Mexico by the United States, by virtue
of any treaty which may be negotiated
between them, and to the use by the
Executive of the moneys herein
appropriated, neither slavery nor
involuntary servitude shall ever exist
in any part of said territory, except for   Congr. David Wilmot
crime, whereof the party shall first be            (D-PA)
duly convicted.
The Mexican War (1846-1848)
     The Bear Flag Republic


                  The Revolt  June 14, 1846




John C. Frémont
General Zachary Taylor at Palo Alto




          “Old Rough and Ready”
The Bombardment of Vera Cruz
General Scott Enters Mexico City




         “Old Fuss and Feathers”
Treaty of Guadalupe-Hidalgo, 1848




                        Nicholas Trist,
                      American Negotiator
Treaty of Guadalupe-Hidalgo, 1848
  The Treaty was basically forced on Mexico!
 Mexico gave up claims to Texas above the Rio
 Grande River.
 Mexico gave the U. S. California and New Mexico.
 U. S. gave Mexico $15,000,000 and agreed to pay
 the claims of American citizens against Mexico
 (over $3,500,000).
       Results of the Mexican War?
1. The 17-month war cost $100,000,000 and 13,000+
   American lives (mostly of disease).
2. New territories were brought into the Union which forced the
   explosive issue of SLAVERY to the center of national
   politics.
         * Brought in 1 million sq. mi. of land (incl. TX)
3. These new territories would upset the balance of power
   between North and South.
4. Created two popular Whig generals who ran for President.
5. Manifest Destiny was partially realized.
The Mexican Cession
1. Ceded to U.S. in Treaty of Guadalupe-
             Hidalgo (1848)
               -End of Mexican War
2. Gold discovered - Sutter’s Mill (1848)
-Brought more settlers westward (including Chinese
                    immigrants)
3. By 1850, CA requesting admittance to
                the Union
 The Doomed Donner Party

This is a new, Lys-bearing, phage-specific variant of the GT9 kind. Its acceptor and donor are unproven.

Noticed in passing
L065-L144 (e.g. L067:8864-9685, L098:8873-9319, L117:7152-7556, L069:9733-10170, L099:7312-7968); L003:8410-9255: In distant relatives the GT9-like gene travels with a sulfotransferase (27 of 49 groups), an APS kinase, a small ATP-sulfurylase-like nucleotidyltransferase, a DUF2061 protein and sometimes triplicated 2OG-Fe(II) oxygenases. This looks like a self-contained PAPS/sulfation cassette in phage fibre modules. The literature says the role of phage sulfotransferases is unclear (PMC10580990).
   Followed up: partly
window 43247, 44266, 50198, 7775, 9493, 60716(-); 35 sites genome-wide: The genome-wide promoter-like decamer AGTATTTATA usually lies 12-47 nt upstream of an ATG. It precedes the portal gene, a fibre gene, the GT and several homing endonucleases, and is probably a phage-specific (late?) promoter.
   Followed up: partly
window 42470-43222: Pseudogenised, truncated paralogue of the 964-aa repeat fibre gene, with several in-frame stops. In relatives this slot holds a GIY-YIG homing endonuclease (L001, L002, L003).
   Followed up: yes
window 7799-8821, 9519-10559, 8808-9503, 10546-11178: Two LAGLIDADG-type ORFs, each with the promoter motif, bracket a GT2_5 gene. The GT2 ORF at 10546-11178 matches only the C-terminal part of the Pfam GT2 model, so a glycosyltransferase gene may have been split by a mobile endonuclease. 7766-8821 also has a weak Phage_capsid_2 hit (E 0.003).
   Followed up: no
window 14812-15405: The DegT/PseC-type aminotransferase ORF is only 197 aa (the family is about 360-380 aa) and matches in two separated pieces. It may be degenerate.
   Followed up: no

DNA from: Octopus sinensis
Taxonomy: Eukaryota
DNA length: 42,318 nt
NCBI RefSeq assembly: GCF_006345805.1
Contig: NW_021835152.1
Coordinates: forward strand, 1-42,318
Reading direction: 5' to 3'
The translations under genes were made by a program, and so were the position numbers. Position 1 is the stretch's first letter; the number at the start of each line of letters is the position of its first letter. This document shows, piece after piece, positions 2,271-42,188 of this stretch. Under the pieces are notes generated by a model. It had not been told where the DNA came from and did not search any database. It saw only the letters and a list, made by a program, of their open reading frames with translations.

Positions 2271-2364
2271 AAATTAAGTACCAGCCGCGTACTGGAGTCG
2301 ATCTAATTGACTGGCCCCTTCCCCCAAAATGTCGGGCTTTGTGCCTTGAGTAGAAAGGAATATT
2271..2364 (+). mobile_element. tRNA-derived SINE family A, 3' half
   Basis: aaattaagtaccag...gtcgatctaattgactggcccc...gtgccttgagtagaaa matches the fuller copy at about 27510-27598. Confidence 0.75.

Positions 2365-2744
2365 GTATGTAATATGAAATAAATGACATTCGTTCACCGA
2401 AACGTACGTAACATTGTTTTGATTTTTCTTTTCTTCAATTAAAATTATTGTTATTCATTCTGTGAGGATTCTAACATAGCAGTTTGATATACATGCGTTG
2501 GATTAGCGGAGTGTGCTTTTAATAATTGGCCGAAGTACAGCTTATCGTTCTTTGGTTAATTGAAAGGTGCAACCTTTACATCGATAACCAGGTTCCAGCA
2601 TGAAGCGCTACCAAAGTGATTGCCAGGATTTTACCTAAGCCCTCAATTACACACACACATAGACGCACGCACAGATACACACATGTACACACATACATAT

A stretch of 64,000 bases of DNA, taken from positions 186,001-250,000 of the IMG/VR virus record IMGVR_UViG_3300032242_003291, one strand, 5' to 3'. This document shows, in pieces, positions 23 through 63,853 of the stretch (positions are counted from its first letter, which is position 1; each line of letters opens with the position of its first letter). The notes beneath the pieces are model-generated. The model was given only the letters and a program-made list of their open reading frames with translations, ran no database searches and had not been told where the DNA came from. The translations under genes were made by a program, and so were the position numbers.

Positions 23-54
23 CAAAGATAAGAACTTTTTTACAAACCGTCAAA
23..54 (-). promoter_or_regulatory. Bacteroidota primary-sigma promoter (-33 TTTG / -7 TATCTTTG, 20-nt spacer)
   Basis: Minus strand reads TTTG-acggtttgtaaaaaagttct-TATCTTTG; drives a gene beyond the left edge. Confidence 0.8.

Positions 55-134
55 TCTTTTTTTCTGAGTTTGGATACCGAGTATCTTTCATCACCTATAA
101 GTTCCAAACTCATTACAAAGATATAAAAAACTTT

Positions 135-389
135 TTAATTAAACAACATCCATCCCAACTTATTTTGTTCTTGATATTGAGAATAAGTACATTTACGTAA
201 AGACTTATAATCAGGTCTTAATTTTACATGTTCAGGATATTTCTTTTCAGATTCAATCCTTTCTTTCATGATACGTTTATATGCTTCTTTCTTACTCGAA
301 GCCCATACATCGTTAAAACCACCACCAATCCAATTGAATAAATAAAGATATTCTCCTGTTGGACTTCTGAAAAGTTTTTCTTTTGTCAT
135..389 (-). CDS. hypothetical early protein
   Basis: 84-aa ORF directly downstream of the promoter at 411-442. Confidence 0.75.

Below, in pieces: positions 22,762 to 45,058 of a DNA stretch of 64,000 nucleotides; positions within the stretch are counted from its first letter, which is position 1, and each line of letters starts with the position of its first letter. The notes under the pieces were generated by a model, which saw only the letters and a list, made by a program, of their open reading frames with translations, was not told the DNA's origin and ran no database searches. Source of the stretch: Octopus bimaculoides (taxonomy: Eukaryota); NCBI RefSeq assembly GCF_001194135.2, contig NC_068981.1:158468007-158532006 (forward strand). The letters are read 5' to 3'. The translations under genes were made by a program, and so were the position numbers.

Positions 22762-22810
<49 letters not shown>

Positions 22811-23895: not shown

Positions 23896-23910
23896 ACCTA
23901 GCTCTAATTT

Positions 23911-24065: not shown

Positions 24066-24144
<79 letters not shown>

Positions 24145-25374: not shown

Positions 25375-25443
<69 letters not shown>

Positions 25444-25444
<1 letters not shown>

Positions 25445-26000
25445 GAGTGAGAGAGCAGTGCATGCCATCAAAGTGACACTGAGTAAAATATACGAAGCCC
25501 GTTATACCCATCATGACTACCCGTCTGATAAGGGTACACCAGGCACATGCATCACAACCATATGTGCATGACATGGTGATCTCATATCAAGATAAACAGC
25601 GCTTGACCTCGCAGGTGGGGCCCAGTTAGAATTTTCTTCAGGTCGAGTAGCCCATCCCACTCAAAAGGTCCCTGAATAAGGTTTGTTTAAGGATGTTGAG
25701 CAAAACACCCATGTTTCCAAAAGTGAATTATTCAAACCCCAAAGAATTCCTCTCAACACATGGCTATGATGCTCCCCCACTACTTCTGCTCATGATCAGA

April, 1846 – April, 1847
        The Doomed Donner Party

CANNIBALISM ! !


                            Margaret   Patrick    John
                             Breen      Breen     Breen


                       Of the 83 members of the Donner
                        Party, only 45 survived to get to
  James Reed & Wife     California!
GOLD! At Sutter’s Mill, 1848




                      John A. Sutter
California Gold Rush, 1849



  49er’s
Two Views of San Francisco, Early 1850s




 By 1860, almost 300,000
  people had traveled the
  Oregon & California
  Trails to the Pacific
  coast.
Territorial Growth to 1853
Westward the Course of Empire
     Emmanuel Leutze, 1860
Overview:
Controversies over slavery in the territories along
  with the influx of immigrants in America
  contributed to the splintering of old political
  parties (Whigs) and the emergence of new
  parties (Republicans / American).
Political Parties were forming and dissolving in the
1840s and 1850s
Parties (1840s   Section of        Slavery in exist.   Slavery in terr.?   Popular        Immigration?
and 1850s)       country where     States?                                 sovereignty?
                 most lived

Whig             Mainly            Split on this       NO                  NO             Not a party
                 Easterners        issue                                                  policy



Democrat         Mixed at first,   Split at first,     YES                 YES            Not a party
                 mainly            then proslavery                                        concern at this
                 Southerners by    as it became                                           time
                 1850s             southern


American         All sections      Split (but anti-    NOT A FOCUS         NOT A FOCUS    Anti-
                                   Black)                                                 immigration
“Know-                                                                                    and anti-
Nothing”                                                                                  Catholic

Repub.           North, East       Anti-, but not      NO                  NO             Liberal Policy
                                   abolitionist
                                   (Northern
                                   party)
Angered by the tactics employed by defenders of slavery,
anti-slavery factions emerged


   ELECTION OF 1844 - “Territorial Expansion” OR/TX/CA

   Whigs: Henry Clay vs. Democrat: James K. Polk
   Liberty Party
    (Universal emancipation achieved gradually by law)
    1844: James G. Birney
    -Drew votes from Whigs (NY)

   ELECTION OF 1848 - “Slavery issue” - New terr.
    Whigs: Zachary Taylor “Old Rough and Ready” vs.
    Democrat: Lewis Cass
   Free Soil Party
    (Not abolitionist - opposed terr. expansion of slavery)
     1848: Martin Van Buren
    “Free Soil, Free Labor, Free Men!”
    -Drew votes from Democrats